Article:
WALLY isn't dead but needs $10 million more for demonstration rail service, officials say
A proposed commuter rail line connecting Howell and Ann Arbor “isn’t dead,” a lead organizer said Monday, but about $10 million still needs to be raised before a demonstration service can begin.
Capital costs to start up the Washtenaw and Livingston Line, or WALLY, have been trimmed to between $16 million and $20 million, down from the $32.4 million price tag estimated by a consulting firm in 2008.
About half of the money has been secured, with much of it coming from the Michigan Department of Transportation, which is paying to renovate 15 former Chicago METRA rail coaches, improve portions of the 27 miles worth of track, and conduct the environmental assessment. That work is under way or planned to start soon.
“It’s been coming in bits and pieces,” Michael Benham, special assistant for strategic planning at the Ann Arbor Transportation Authority, said at a meeting in Northfield Township Monday to discuss the line's progress.
But money still needs to be obtained to build stations, and install safety devices - such as stop signs, flashing signals, and/or gates - where the commuter line would cross local streets.
Cost-cutting was needed after the project missed out on a federal TIGER grantÂ in February that wasÂ sought to cover the entire $32.4 million tab for capital improvements.
The cuts will affect the comfort of passengers. The five stations -- Howell, Ann Arbor and three in between -- would now have shelters and platforms that are more basic than originally planned. Disabled riders would use portable lifts to enter the coaches.
Fewer improvements also would be made to the track. While the speed of the trains wouldn’t change, the ride would be louder and bumpier.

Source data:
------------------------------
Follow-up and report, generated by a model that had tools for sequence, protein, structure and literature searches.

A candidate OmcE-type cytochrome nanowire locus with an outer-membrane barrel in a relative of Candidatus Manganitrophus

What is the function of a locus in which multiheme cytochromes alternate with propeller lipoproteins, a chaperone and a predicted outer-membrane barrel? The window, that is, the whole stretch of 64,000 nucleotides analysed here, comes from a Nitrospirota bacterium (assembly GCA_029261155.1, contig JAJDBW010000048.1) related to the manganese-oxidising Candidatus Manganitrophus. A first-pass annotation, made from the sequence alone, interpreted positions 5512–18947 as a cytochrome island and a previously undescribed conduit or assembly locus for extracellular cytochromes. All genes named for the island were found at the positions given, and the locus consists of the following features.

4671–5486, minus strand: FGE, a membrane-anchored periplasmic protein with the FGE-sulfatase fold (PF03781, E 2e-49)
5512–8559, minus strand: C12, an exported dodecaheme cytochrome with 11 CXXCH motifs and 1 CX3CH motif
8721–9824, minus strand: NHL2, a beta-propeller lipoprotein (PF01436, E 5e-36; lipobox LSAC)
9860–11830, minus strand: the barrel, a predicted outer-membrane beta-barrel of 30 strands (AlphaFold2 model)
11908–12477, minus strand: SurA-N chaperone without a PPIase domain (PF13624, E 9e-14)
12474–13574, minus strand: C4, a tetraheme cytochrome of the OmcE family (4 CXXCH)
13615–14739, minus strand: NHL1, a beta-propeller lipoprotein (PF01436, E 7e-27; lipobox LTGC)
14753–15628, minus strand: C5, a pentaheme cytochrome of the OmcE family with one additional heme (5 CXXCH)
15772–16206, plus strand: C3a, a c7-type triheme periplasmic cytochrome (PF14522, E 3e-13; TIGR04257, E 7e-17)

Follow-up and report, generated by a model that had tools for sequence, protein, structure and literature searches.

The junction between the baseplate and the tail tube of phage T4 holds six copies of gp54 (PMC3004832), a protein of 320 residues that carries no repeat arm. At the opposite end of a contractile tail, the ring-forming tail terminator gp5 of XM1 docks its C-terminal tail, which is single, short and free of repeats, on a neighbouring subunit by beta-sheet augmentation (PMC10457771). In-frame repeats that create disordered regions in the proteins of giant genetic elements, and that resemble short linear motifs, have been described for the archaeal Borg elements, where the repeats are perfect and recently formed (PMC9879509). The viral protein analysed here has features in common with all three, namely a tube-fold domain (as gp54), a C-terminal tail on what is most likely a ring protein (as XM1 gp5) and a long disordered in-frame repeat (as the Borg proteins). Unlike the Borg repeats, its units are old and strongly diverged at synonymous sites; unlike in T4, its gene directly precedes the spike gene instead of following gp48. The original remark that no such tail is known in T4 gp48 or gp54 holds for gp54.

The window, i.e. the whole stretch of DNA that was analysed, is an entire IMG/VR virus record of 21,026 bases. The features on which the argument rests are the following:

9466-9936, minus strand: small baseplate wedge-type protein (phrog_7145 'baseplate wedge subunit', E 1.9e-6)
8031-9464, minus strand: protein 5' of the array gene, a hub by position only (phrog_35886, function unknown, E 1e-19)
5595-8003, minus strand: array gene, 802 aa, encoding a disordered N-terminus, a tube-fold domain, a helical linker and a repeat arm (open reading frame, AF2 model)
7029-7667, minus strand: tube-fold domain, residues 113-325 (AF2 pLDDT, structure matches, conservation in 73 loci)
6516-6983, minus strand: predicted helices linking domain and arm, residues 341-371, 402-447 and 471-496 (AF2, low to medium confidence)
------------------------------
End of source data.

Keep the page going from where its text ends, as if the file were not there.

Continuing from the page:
In addition to those one-time expenses, running the rail line would cost $7.1 million a year, and about $1.5 million a year still has to be secured. MDOT has agreed to pay for the costs of leasing the coaches and locomotives. Great Lakes Central Railroad will operate them.
The idea is to run a three-year demonstration service to build a case for federal funding and develop a long-term business model.
“This is really to demonstrate that we have demand for it,” said Kris Wisniewski, intermodal policy specialist for MDOT.
Benham sounded optimistic about the project’s progress. The coalition of government, business and other groups developing the service is still searching for funding sources, and will turn to the communities for greater support. The AATA is the lead authority in charge of the project.
“The funding and public support - that’s the wild card,” Benham said, adding, “We’ve gotten the word back on the streets that the project isn’t dead.”
WALLY would serve commuters living north of Ann Arbor who might otherwise drive along congested US-23. Four trains would leave Howell for Ann Arbor in the morning and four would make the return trip in the late afternoon and evening. No night or weekend service is planned. A one-way trip from Howell to Ann Arbor would take 50 minutes, with trains reaching a maximum speed of 59 mph.
The station in Ann Arbor is planned for an area near Plymouth Road, though the exact location has not been determined. No parking would be provided. Shuttle buses would meet riders at the station.
About 1,200 round-trip riders are projected to use the train each day. A monthly pass for a commuter getting on in Howell would cost $145.
The University of Michigan has agreed to subsidize the fares of its employees during the three-year demonstration service, and Benham said the university will be consulted in developing the timetable of the train schedule because many of its employees live along the rail line.
If all of the money was available today, construction and other technical issues could be finished in time for the first trains to run in spring 2011,Â Benham said.
A separate commuter line between Ann Arbor and Detroit was proposed to begin in October, but regular service has been delayed indefinitely. Special event trains are still planned, such as on days of U-M football games.
Dave Gershman is a freelance writer for AnnArbor.com. Reach the news desk at firstname.lastname@example.org or 734-623-2530.